delanceyplace.com 3/15/10 - the gunfighter

In today's excerpt - while most demobilized soldiers return to ordinary lives, a disproportionate number have always returned to a life of crime. Examples abound—from the returning veterans of World War II, the Korean War, and the Vietnam War who filled the ranks of motorcycle and street gangs to the veterans of the Mexican-American War who became the outlaws in the early West. There is no better example, however, than the veterans of the American Civil War, whose numbers filled the ranks of the James and Quantrill gangs and became prominent among the cowboys and gunfighters in the most storied days of the American West. Their close familiarity with death gave them advantage against all that they encountered. This was made worse by the bitterness between North and South that remained etched in their minds:

"Among the gunfighters [of the American West] death was never far away; many of them had lived with death as a companion and were conditioned to it. Those who had fought in the Civil War were especially haunted by the specter of imminent death. For most men, the ending of hostilities had meant that they could stop killing and return to normal lives. But veterans of frontier conflicts, spies, sharpshooters, and guerrillas were conditioned to view killing as a means to an end. The unwary sentry whose throat had been cut, the unarmed men shot down for the information they could reveal meant little to such men. Self-reliant and independent men who had learned to abide with death found the restrictions of civilized society intolerable. The idea of a life without danger in a world where they were not masters of their own destiny appalled them. To them there was only one alternative—an occupation suited to their particular talents. A Kansas newspaper editor [in 1867] noted the effect that the Civil War had had on the men who later became scouts and guides for the United States Army against the Indians:

" 'What a pity that young men so brave and daring should lack the discretion to sheath their daggers forever when the war terminated! But such is the demoralizing effect of war upon those who engage in it and certainly upon all who love the vocation. We learn from a gentleman who has frequently met these wild and reckless young men that they live in a constant state of excitement one continual round of gambling, drinking, and swearing interspersed at brief intervals with pistol practice upon each other.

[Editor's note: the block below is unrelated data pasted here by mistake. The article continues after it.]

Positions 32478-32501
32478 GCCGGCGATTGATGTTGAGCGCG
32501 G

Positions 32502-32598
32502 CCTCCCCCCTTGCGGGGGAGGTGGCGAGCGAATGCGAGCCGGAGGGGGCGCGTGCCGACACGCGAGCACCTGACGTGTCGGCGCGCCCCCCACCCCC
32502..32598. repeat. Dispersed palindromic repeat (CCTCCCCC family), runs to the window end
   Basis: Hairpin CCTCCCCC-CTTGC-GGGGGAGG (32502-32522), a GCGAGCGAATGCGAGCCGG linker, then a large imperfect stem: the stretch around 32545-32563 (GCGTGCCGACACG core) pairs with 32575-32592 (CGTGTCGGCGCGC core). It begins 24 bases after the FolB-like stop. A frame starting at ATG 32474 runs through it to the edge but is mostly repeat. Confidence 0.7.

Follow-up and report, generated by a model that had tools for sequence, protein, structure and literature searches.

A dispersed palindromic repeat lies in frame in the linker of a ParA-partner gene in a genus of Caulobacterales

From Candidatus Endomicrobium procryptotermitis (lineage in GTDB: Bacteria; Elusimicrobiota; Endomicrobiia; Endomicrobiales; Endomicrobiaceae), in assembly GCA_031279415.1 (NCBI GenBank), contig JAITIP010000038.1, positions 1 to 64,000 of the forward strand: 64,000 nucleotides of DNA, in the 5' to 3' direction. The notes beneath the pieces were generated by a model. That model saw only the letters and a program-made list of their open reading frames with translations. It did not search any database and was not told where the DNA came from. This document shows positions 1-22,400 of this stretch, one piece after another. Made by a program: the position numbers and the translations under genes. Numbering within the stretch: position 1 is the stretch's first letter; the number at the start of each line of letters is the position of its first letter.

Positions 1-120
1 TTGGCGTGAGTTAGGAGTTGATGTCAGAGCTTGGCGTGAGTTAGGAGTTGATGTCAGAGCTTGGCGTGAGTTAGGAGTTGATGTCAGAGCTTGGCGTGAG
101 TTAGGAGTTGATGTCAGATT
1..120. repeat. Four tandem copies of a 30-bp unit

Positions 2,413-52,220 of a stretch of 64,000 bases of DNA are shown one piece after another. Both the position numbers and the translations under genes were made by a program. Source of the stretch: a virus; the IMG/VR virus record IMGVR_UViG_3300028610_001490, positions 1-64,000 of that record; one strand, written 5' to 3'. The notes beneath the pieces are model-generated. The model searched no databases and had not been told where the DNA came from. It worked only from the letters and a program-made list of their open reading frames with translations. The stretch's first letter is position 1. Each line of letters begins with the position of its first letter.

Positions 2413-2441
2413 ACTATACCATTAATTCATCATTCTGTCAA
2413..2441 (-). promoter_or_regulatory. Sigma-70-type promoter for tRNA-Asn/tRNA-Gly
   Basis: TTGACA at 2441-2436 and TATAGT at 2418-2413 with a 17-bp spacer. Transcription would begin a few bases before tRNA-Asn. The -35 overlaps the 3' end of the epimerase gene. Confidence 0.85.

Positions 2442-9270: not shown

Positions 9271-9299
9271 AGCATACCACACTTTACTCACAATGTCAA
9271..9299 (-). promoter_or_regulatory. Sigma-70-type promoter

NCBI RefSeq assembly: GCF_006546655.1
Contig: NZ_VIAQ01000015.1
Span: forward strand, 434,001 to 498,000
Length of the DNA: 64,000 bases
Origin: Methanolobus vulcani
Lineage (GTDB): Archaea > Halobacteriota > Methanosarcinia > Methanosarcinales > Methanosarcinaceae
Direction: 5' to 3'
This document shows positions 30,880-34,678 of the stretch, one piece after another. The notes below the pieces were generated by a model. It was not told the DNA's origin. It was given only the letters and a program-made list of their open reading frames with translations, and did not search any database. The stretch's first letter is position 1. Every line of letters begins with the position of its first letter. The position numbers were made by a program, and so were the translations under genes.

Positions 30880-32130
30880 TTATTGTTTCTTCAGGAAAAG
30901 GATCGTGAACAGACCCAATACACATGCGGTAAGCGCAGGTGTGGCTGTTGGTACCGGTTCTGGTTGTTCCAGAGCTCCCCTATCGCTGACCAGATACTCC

" 'At a word any of the gang draws his pistol and blazes away as freely as if all mankind were Arkansas Rebels and had a bounty offered for their scalpes [sic]. How long these Athletes will be able to stand such a mode of life; eating drinking sleeping (if they can be said to sleep) and playing cards with their pistols at half cock remains to be seen. For ourself we are willing to risk them in an Indian campaign for which their cruelty and utter recklessness of life particularly fit them.'

"Pointed, but undiscerning comments of this nature, reveal a lack of understanding of the feelings, reactions, and motives of the men who got into gunfights. A man who could draw his gun and shoot another man without hesitation had a cold-blooded attitude toward life that most people were spared. The man-killers of the West, thus had an advantage over men basically reluctant to kill. When his life was threatened, the gunfighter could and would shoot to kill. Although he might appear calm and cool-headed under fire his inner feelings were probably in turmoil. This man facing death and wrestling with thoughts and emotions was a far cry from the gunfighter of fiction. For him each fight which could easily be his last was a fight for life—his own."


author:

Joseph G. Rosa

title:

Age of the Gunfighter: Men and Weapons on the Frontier, 1840-1900

publisher:

University of Oklahoma Press

date:

Copyright 1992, 2002, 2007 by Salamander Books. Ltd.

pages:

117-118
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